ISFJs speak in specifics – think fives senses – and in practical, down-to-earth language. They’re also walking databases for specific facts about people. You don’t have to worry about them forgetting your birthday, favorite food, or hobbies.
A huge difference between Ni and Si is that Ni users love theory, whereas Si users prefer the practical world. Though both personality types may dabble in theory or the real, hands-on world, INFJs will by far prefer working with ideas, concepts, theories, and words, while ISFJs will stand out when taking care of and remembering practical details.
To give you an example, my colleague at the school where I teach is an ISFJ and I’m an INFJ. She tends to pick up on what students are wearing, the specific words and phrases they use, and how they were carrying themselves, among other things. I on the other hand often overlook the details she sees. I, instead, get a clear hunch as to whether something is different or amiss with students. I also tend to gravitate toward new, innovative solutions and enjoy learning new skills, while she prefers tradition and using her favorite skills.
2. Do you dream up or participate?
Another core difference that’ll help you determine if you’re an INFJ or ISFJ is whether you dream up new ideas or participate in what others are organizing. And these difference can be attributed to Ni and Si as well.
ISFJs are master participators. They’re happiest when they’re involved in the scrapbook committee, the PTO, the Bible study, the yearbook team, and more all at the same time. Immature ISFJs may let others take advantage of them and burden them with more than they actually want to do, but most ISFJs love to be engaged in a heap of behind-the-scenes work that helps others.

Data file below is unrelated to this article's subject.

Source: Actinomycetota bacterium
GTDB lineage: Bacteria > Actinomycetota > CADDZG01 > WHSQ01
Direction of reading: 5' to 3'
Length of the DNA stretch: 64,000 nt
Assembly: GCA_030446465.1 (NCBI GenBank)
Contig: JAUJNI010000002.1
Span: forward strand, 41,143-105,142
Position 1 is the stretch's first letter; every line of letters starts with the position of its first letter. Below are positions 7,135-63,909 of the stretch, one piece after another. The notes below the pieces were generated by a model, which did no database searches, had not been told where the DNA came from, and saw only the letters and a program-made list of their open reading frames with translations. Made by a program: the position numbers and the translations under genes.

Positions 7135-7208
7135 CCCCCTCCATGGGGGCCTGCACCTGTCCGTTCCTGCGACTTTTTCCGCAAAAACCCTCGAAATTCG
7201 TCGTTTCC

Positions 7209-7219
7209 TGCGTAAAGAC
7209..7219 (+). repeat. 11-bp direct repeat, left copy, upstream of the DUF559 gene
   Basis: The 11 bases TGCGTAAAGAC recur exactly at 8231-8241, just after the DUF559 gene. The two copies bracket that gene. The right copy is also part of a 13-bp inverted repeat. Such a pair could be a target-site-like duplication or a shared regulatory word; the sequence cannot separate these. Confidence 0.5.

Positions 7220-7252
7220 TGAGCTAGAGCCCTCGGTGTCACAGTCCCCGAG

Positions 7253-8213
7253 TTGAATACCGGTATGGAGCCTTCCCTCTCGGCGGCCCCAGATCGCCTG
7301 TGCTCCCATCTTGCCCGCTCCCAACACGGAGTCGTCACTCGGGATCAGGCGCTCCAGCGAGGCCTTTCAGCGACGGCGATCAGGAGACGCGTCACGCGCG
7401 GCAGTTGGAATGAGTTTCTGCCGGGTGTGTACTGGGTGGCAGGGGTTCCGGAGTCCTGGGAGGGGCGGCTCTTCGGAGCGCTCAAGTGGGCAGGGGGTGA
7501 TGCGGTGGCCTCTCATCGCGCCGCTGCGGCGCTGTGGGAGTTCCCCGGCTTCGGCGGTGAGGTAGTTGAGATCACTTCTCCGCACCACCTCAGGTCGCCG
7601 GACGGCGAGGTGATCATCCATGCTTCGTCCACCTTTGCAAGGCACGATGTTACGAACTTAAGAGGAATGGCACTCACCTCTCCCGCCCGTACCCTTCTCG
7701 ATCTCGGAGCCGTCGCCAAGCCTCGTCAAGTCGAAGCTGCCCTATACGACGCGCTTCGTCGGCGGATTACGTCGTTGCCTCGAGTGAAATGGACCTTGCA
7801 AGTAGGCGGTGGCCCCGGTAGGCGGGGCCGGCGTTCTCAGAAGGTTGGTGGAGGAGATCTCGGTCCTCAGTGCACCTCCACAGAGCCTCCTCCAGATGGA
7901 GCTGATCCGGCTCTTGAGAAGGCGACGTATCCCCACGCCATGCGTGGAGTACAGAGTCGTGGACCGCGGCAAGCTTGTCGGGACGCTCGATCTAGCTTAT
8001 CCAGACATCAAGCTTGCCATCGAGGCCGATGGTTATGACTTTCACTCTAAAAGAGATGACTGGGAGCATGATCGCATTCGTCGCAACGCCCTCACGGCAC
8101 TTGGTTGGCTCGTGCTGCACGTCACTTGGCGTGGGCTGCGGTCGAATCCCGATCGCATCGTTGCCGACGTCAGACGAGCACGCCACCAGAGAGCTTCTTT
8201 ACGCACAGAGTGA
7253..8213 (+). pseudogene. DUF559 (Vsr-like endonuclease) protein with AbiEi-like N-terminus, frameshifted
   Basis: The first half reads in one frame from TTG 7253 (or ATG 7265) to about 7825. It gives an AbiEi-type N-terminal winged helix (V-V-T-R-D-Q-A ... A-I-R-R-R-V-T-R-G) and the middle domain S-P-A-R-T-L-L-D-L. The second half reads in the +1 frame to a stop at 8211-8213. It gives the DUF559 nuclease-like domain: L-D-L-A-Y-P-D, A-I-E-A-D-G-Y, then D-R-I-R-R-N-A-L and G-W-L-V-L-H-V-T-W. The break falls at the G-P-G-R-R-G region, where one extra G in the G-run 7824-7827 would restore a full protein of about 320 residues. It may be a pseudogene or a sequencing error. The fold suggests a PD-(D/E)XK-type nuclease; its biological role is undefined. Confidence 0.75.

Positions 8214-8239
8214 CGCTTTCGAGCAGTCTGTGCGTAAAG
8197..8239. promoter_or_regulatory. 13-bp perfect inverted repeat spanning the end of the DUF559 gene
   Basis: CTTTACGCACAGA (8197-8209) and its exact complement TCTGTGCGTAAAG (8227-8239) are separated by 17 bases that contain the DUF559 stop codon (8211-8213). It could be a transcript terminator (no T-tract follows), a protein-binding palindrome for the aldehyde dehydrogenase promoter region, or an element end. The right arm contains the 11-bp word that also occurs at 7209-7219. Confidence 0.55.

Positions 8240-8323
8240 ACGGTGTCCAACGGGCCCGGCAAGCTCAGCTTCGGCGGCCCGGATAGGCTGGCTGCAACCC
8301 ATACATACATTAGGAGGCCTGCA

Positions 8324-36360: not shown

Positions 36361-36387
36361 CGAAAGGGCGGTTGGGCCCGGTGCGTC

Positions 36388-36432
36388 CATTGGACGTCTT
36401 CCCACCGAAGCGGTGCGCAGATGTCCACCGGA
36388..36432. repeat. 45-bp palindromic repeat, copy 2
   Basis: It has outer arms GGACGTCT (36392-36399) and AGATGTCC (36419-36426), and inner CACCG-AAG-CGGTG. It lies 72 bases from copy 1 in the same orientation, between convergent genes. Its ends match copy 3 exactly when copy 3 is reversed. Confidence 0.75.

INFJs, on the others hand, will participate in groups and do so faithfully, but they’re happiest dreaming up original ideas that help people. They’re imaginative thinkers and visionaries who get energy when starting something new that can make a big difference in the world. INFJs tend to think globally too. While INFJs come in different varieties, most do enjoy an original, private project and, unlike ISFJs, find a lot of pleasure in working on it by themselves.
In their heart of hearts, most ISFJs long to be part of the tribe, whereas INFJs enjoy being unique and one-of-a-kind. And that’s not to say that both types don’t need people, a sense of belonging, and the feeling of uniqueness – because they do. It’s just that some things are more important to each personality type than others.
3. What are your superpowers?